This page gives a few tips and pointers on how to compile xoreos on various platforms.
Compiler and build system
xoreos is written in C++, so a C++ compiler, like GCC or clang is required. xoreos follows the C++11 standard. It has two build systems: Autotools (Autoconf, Automake and Libtool) and CMake. Use whichever you feel more comfortable with.
On Debian-based distributions (including Ubuntu), you should be able to install the required compiler and build system packages with
sudo apt-get install libc6-dev g++ make autoconf automake libtool gettext cmake
On Arch Linux, you can install the necessary packages with
sudo pacman -S base-devel cmake
On other distributions, it should work similarily.
Mac OS X
Due to the dependency on SDL2 (see below), you need at least Mac OS X 10.5 if you use a precompiled SDL2 library, and at least Mac OS X 10.7 if you're compiling SDL2 yourself.
Since Visual Studio does not work with autotools, you have to use the CMake build system if you want to compile xoreos with Visual Studio. If you're using MinGW, however, you're free to choose either build system.
On Windows, it is recommended that instead of Visual Studio, you use MSYS2 together with Mingw-w64 (which can produce both 32-bit and 64-bit binaries). MSYS2 provides a package manager, with which you can install xoreos' library dependencies very easily.
You can install the 32-bit toolchain in MSYS2 with
pacman -S base-devel git mingw-w64-i686-toolchain mingw-w64-i686-cmake
You can install the 64-bit toolchain in MSYS2 with
pacman -S base-devel git mingw-w64-x86_64-toolchain mingw-w64-x86_64-cmake
xoreos uses the following libraries to function:
- zlib (>= 18.104.22.168)
- liblzma (>= 5.0.5)
- libxml2 (>= 2.8.0)
- Boost (>= 1.53.0)
- OpenGL (>= 2.1)
- SDL2 (>= 2.0.0)
- FreeType 2 (>= 2.4.0 (libtool number >= 11.0.5))
- OpenAL (>= 1.12) (See below)
- MAD (>= 0.15.1b)
- libogg (>= 1.2.0)
- libvorbis (>= 1.3.1)
- libfaad (>= 2.7)
- libxvidcore (>= 1.2.2)
- libvpx (>= 1.6.0)
On Debian-based GNU/Linux distribution (including Ubuntu), you should be able to install these libraries and their development packages with
sudo apt-get install zlib1g-dev liblzma-dev libxml2-dev libboost-all-dev libsdl2-dev \ libfreetype6-dev libopenal-dev libmad0-dev libogg-dev libvorbis-dev libfaad-dev \ libxvidcore-dev libvpx-dev
On Arch Linux, you can install these dependencies with
sudo pacman -S zlib xz libxml2 boost boost-libs sdl2 freetype2 openal libmad libogg \ libvorbis faad2 xvidcore libvpx
Other GNU/Linux distributions should work similarily.
On Windows, if you're using MSYS2, you can install these dependencies for 32-bit with
pacman -S mingw-w64-i686-zlib mingw-w64-i686-xz mingw-w64-i686-libxml2 \ mingw-w64-i686-boost mingw-w64-i686-SDL2 mingw-w64-i686-freetype \ mingw-w64-i686-openal mingw-w64-i686-libmad mingw-w64-i686-libogg \ mingw-w64-i686-libvorbis mingw-w64-i686-faad2 mingw-w64-i686-xvidcore \ mingw-w64-i686-libvpx
On Windows, if you're using MSYS2, you can install these dependencies for 64-bit with
pacman -S mingw-w64-x86_64-zlib mingw-w64-x86_64-xz mingw-w64-x86_64-libxml2 \ mingw-w64-x86_64-boost mingw-w64-x86_64-SDL2 mingw-w64-x86_64-freetype \ mingw-w64-x86_64-openal mingw-w64-x86_64-libmad mingw-w64-x86_64-libogg \ mingw-w64-x86_64-libvorbis mingw-w64-x86_64-faad2 mingw-w64-x86_64-xvidcore \ mingw-w64-x86_64-libvpx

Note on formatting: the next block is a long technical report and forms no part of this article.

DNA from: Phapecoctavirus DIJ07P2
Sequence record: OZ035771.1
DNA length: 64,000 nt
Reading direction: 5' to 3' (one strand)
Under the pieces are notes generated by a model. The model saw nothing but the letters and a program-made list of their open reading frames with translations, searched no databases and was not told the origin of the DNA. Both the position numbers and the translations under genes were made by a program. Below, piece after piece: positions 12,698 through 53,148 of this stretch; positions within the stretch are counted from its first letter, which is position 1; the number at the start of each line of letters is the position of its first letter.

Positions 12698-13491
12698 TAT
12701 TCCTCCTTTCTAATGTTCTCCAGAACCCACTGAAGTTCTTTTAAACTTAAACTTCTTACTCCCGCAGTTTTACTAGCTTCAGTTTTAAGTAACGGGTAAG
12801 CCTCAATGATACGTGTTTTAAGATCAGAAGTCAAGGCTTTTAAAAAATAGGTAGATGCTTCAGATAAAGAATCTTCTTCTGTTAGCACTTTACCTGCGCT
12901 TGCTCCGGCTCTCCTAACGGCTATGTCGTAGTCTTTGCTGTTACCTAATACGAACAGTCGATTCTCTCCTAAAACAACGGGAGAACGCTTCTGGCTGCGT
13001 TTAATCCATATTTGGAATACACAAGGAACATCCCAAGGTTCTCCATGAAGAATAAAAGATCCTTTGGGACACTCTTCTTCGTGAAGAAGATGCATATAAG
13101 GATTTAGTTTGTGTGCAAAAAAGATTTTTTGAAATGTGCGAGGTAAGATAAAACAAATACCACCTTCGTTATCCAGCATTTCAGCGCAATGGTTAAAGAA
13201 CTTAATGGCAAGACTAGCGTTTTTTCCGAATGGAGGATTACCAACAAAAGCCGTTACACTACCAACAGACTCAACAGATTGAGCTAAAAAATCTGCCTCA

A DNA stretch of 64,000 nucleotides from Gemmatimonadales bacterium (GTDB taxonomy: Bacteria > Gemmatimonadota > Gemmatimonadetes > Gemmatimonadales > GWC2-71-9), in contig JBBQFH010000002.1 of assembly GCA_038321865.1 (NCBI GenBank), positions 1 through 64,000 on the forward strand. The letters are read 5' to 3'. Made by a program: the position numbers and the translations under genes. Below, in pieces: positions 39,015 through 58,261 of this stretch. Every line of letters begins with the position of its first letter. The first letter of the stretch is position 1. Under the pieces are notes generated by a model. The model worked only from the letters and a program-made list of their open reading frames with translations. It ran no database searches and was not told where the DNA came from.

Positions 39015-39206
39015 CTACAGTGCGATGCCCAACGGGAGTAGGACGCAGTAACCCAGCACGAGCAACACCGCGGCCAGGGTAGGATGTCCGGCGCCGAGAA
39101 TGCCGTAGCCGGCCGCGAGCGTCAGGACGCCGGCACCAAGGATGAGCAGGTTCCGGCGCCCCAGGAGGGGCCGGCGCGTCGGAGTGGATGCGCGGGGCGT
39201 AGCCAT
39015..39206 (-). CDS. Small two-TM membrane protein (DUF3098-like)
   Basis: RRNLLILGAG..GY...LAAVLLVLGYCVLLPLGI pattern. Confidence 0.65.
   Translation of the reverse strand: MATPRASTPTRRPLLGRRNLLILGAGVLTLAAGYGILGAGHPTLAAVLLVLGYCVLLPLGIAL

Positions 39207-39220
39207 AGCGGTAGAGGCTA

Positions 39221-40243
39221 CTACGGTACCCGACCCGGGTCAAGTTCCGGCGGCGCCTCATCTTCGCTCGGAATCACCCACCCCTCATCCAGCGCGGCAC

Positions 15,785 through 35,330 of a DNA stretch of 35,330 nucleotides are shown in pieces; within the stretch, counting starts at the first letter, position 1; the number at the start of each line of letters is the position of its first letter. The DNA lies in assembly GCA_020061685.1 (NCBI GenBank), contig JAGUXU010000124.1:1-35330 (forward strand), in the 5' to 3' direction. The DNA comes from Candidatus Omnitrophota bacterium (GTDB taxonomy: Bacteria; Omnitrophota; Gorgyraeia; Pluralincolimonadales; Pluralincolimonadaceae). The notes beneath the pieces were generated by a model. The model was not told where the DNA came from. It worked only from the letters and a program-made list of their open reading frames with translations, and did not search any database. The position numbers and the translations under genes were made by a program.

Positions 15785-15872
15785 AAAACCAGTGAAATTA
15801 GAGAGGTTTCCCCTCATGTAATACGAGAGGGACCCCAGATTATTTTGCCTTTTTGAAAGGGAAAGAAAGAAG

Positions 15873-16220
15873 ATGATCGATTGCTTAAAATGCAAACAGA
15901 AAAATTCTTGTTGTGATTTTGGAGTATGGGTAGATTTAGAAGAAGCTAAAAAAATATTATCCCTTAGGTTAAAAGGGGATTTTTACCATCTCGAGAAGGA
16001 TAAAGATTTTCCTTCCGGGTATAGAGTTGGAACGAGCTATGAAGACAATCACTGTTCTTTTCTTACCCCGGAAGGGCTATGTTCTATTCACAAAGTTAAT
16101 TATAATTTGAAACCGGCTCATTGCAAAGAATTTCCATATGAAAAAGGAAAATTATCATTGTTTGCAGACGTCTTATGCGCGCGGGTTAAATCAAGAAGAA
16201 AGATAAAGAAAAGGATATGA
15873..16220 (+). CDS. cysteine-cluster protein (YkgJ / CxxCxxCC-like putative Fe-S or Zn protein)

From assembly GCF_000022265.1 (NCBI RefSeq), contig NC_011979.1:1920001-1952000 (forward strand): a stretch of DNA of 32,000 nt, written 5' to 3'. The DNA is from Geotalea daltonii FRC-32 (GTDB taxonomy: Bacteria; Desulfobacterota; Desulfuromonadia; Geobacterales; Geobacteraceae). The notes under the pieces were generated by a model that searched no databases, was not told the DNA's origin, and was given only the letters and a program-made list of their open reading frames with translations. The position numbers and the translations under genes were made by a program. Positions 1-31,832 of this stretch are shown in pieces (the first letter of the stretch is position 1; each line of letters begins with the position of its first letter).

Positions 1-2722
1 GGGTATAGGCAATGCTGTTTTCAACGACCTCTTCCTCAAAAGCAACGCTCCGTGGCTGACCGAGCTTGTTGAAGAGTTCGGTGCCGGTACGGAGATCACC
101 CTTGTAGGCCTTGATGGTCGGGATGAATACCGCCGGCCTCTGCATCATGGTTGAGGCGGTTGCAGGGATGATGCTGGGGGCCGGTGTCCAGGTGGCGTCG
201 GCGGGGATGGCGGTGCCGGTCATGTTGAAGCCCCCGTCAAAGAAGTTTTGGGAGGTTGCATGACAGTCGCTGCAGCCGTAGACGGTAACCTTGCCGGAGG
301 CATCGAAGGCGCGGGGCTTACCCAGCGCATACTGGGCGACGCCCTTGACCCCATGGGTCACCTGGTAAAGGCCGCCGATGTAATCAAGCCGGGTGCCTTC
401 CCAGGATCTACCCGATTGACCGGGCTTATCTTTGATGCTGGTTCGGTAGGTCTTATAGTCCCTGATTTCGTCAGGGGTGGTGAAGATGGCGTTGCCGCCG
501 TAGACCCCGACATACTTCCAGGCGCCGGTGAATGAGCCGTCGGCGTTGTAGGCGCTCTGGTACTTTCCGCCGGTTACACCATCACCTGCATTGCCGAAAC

Windows users not using MSYS2 will have to visit each website manually and download a precompiled version, or, if not available, download the source and compile the library themselves. Alternatively, vcpkg can be used to install most of these libraries.
A note on OpenAL
On Mac OS X, we're using Apple's OpenAL implementation, so OpenAL does not need to be installed separately there.
On both GNU/Linux and Microsoft Windows, we require OpenAL Soft. There is a propriety OpenAL implementation by Creative Labs, Inc. for Microsoft Windows, which can be found at http://openal.org/, but it's unfortunately old, outdated and abandoned. We do not recommend its use.
Make sure you have your compiler, build system and libraries installed correctly. Then open a terminal and change into the directory of your sources.
./autogen.sh && ./configure && make
The binary can be found in the src subdirectory, called "xoreos" or, on Windows, "xoreos.exe".
Optional, non-conventional ./configure flags:
||Compile with -Werror|
||Compile without the extra warnings enabled|
||Compile with link-time optimization|
||Always compile against the internal GLEW libraries|
cmake . && make
The binary can be found in the bin subdirectory, called "xoreos" or, on Windows, "xoreos.exe".
Please read Running CMake on the CMake website for in-depth information on invoking CMake.
Optional, non-conventional cmake flags:
||Link Boost statically instead of dynamically|
||Always use internal GLEW library|
Note: The CMake's stock FindBoost.cmake doesn't correctly detect dependencies when linking statically. In this case, xoreos might fail to link, missing symbols for ICU, when linking Boost statically.
Moreover, if you're running GNU/Linux and have wrapper scripts installed that force the building of "hardened" binaries (often called "hardening-wrapper", but differs between Linux distributions), compiling xoreos might fail during the linking stage, when using statically linking Boost libraries. This is due to those static Boost libraries being incompatible with the compiler option "-fPIE", which is often added by hardening wrapper scripts. A workaround is to disable -fPIE for this compilation (which is distribution-specific).
On both build systems,
compiles and runs our unit tests.
Please have a look at the Running xoreos page.